Eid plans ruined but laws enforcing lockdown restrictions in northern areas are yet to be implemented

The Canary

Laws underpinning new lockdown restrictions for Greater Manchester, parts of east Lancashire and West Yorkshire are yet to be implemented. The government has admitted that four days after the rules were introduced, they still aren’t legally enforceable.

Ministers said the rules were effective from midnight on Friday 31 July. They placed bans on people from different households meeting following a reported spike in coronavirus (Covid-19) cases in the affected areas.

When the changes were announced, officials said new regulations were needed to make them legally enforceable.

Against the law, but the laws haven’t been implemented

Guidance published on 31 July stated that it would be against the law for people from different households to meet in a private home or garden, unless they are part of a support bubble. It also warned of £100 fines for those who flout the rules. Officials said the laws were due to be signed off and published later that night.

But on Monday 3 August, the Department of Health and Social Care confirmed it was yet to implement laws bringing the rules into force. It said it was trying to make the changes legally enforceable as soon as possible but insisted the rules still applied from 31 July.

When asked by the PA news agency why there was a delay, and on what legal basis the rules were currently being enforced, the department refused to comment.

“Disorientating”

Health secretary Matt Hancock announced the decision in a series of tweets on Thursdsy 30 July. It came after there had reportedly been an increasing rate of transmission in parts of Northern England.

The announcement was made late on the eve of the Muslim celebration of Eid al Adha. Muslims celebrating Eid in the affected areas were urged not to host or visit friends and family in each other’s homes or gardens. They were also told not to meet friends and family in other venues – including restaurants or cafes.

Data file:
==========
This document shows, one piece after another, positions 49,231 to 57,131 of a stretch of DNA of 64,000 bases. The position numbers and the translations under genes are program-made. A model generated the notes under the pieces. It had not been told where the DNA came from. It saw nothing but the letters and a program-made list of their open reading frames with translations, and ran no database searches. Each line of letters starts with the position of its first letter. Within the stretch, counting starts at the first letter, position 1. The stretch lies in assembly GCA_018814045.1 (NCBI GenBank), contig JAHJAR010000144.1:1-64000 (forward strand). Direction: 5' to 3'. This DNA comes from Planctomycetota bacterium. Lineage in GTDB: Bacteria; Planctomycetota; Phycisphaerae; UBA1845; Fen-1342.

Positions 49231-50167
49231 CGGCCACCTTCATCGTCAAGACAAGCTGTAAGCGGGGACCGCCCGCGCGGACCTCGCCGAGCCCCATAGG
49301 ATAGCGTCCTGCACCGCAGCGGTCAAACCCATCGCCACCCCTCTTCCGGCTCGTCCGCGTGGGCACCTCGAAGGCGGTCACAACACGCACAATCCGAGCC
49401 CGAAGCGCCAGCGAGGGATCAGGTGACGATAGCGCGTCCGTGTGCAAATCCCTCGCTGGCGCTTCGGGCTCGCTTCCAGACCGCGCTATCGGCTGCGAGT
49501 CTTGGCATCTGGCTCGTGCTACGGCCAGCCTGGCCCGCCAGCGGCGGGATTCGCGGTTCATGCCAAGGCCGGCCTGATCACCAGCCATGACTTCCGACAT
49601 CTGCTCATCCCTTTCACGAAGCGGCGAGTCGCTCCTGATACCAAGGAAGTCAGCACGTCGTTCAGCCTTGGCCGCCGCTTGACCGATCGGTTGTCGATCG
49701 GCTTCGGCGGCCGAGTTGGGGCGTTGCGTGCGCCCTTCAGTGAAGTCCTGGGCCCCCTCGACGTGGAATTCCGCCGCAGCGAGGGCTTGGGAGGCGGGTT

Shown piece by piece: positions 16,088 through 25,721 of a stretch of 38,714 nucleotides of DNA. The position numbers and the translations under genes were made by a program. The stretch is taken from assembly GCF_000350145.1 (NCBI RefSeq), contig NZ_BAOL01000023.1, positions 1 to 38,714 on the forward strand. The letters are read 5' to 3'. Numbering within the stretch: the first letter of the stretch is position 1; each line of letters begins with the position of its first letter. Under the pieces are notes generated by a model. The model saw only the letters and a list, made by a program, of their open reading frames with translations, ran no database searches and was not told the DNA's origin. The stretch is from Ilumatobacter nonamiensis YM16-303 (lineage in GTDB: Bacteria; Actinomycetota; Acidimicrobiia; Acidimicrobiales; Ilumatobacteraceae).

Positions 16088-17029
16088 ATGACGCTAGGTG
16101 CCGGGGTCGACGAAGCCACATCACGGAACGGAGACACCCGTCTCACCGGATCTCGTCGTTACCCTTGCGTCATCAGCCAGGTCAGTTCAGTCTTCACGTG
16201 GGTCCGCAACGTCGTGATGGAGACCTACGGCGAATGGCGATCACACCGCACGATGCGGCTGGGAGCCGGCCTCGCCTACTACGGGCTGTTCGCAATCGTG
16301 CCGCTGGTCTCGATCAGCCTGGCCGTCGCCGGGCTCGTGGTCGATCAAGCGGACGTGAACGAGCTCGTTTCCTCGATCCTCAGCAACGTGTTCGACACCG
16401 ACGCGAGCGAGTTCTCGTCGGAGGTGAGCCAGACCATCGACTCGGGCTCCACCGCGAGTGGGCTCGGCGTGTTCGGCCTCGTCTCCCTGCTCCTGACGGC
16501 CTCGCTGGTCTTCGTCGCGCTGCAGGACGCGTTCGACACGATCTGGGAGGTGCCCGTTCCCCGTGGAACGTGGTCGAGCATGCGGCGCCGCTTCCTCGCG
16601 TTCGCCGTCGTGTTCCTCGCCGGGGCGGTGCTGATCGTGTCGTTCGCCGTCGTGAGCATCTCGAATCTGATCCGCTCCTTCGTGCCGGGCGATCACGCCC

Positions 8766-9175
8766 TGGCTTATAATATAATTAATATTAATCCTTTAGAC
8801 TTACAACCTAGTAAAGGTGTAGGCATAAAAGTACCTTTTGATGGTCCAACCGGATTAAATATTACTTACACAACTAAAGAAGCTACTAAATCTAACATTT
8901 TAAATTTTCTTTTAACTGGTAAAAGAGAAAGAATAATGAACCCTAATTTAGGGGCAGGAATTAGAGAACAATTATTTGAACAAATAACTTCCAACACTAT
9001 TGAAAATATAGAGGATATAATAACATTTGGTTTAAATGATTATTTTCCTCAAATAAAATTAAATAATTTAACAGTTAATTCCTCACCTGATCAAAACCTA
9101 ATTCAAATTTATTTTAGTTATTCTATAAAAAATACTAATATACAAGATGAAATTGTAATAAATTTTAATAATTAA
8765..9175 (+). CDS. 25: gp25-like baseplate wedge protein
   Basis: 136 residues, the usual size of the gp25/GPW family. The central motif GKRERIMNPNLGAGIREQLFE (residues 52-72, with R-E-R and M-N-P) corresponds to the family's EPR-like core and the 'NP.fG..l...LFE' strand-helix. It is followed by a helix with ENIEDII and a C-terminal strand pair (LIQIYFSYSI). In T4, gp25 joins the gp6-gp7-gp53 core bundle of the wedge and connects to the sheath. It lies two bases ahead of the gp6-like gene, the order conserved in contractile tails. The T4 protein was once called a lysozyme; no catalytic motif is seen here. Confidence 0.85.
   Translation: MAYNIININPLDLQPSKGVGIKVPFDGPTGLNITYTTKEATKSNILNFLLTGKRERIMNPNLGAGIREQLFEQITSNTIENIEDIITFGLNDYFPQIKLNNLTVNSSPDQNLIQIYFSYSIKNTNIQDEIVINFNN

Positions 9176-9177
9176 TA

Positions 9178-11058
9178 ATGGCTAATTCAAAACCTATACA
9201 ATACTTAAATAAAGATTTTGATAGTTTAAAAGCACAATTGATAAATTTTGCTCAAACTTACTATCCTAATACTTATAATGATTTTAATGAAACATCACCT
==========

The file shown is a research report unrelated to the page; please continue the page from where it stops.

The government faced criticism for unveiling the new restrictions late at night and just hours before they came into force. Some said this prompted confusion in the communities affected. Tory MP Craig Whittaker was also criticised for saying on 31 July that “BAME communities” aren’t taking the guidance seriously.

While supportive of the measures, Greater Manchester mayor Andy Burnham told the BBC on 31 July that he had concerns about the way they were announced. He said the lack of immediate detail was “disorientating” for the public.

No guidance issued by police leaders

Police leaders have been issuing guidance to forces on how to enforce restrictions each time a new coronavirus law has been introduced during the pandemic. This is so officers know the powers available and in what circumstances they can impose fines.

But on this occasion, so far this has been unable to happen due to the delay in publishing the laws, it is understood. The new restrictions apply to Greater Manchester, including the City of Manchester, Trafford, Stockport, Oldham, Bury, Wigan, Bolton, Tameside, Rochdale and Salford.

They also apply to Blackburn with Darwen, Burnley, Hyndburn, Pendle and Rossendale in Lancashire, and Bradford, Calderdale and Kirklees in West Yorkshire. Similar restrictions will also apply to Leicester, which saw the first so-called “local lockdown” imposed on 29 June.

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